[openstack-dev] [tc] [stable] [tripleo] [kolla] [ansible] [puppet] Proposing changes in stable policy for installers

Steven Hardy shardy at redhat.com
Mon Oct 16 15:57:05 UTC 2017

On Mon, Oct 16, 2017 at 2:33 PM, Steven Dake (stdake) <stdake at cisco.com> wrote:
> Emilien,
> I generally thought the stable policy seemed reasonable enough for lifecycle management tools.  I’m not sure what specific problems you had in TripleO although I did read your review.  Kolla was just tagged with the stable policy, and TMK, we haven’t run into trouble yet, although the Kolla project is stable and has been following the stable policy for about 18 months.  If the requirements are watered down, the tag could potentially be meaningless.  We haven’t experienced this specific tag enough to know if it needs some refinement for the specific use case of lifecycle management tools.  That said, the follows release policy was created to handle the special case of lifecycle management tool’s upstream sources not being ready for lifecycle management tools to release at one coordinated release time.

We initially felt the policy was reasonable too, but there are a
couple of specific recurring pain points:

1. Services land features which require installer/management tool
updates late in the cycle, or the work to update the configuration
tooling just doesn't happen fast enough during a given cycle.

2. Vendor integrations, similar to (1) but specific to enabling vendor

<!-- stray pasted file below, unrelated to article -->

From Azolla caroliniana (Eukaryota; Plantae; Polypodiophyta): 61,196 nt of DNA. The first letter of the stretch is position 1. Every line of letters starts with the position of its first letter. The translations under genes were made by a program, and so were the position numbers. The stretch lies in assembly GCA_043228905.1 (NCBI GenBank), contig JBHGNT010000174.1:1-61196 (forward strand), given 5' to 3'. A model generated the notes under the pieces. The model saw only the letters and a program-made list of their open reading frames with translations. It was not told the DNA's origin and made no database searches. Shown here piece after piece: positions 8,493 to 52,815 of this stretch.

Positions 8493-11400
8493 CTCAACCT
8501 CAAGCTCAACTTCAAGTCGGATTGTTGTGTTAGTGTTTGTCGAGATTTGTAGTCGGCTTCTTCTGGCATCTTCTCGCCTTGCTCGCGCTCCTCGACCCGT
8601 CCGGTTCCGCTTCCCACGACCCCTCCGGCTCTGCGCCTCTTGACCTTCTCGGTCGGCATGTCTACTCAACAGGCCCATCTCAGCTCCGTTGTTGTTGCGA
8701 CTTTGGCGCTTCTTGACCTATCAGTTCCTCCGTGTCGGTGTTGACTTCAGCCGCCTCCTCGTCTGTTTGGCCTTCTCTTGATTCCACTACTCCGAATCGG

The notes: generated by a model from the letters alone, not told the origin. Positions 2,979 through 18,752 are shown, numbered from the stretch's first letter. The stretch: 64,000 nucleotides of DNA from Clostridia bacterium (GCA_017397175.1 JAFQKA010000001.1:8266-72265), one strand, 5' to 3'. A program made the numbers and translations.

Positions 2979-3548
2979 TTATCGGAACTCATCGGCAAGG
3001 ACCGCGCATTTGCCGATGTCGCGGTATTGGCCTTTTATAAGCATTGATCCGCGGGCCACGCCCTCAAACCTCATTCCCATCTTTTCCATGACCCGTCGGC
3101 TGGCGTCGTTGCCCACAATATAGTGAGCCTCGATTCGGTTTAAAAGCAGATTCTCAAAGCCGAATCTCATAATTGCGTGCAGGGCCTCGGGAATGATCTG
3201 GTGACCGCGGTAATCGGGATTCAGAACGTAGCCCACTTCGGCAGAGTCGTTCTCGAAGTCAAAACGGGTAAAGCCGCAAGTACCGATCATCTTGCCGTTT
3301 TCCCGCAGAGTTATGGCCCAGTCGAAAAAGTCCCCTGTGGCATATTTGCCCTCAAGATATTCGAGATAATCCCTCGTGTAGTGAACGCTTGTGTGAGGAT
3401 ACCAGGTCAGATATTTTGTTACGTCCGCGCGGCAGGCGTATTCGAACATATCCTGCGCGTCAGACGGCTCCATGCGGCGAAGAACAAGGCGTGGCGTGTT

backends e.g for Neutron etc - the work to enable configuring specific
vendor plugins tends to lag the upstream releases (sometimes
significantly) because most vendors are focussed on consuming the
stable branch releases, not the development/master releases.

In an ideal world the answer would be for everyone working on these
integrations to land the installer (e.g puppet/TripleO/Kolla/...)
patches earlier, but even with the concessions around cycle-trailing
deadlines we're finding that there is ongoing pressure to backport
integrations which (according to stable-maint policy) are strictly
"features" but are actually more integration or enablement of features
which do exist in the version of OpenStack we're deploying.

Several releases ago (before we adopted stable: follows-policy) we
tried to solve this by allowing selected feature backports, but this
was insufficiently well defined (and thus abused) so we need some way
to enable vendor integrations and exposure of new features in the
underlying services, without allowing a backport-everything floodgate
to open ;)

I think one difference between TripleO/Puppet and Kolla here is AFAIK
Kolla has several ways to customize the configuration of deployed
services in a fairly unconstrained way, whereas the openstack puppet
modules and TripleO publish interfaces via a somewhat more static
module and "service plugin" model, which improves discoverability of
features e.g for the TripleO UI but causes a headache when you
discover support for a new vendor Neutron plugin is required well
after the upstream release deadline has passed.

Hope that helps clarify somewhat?


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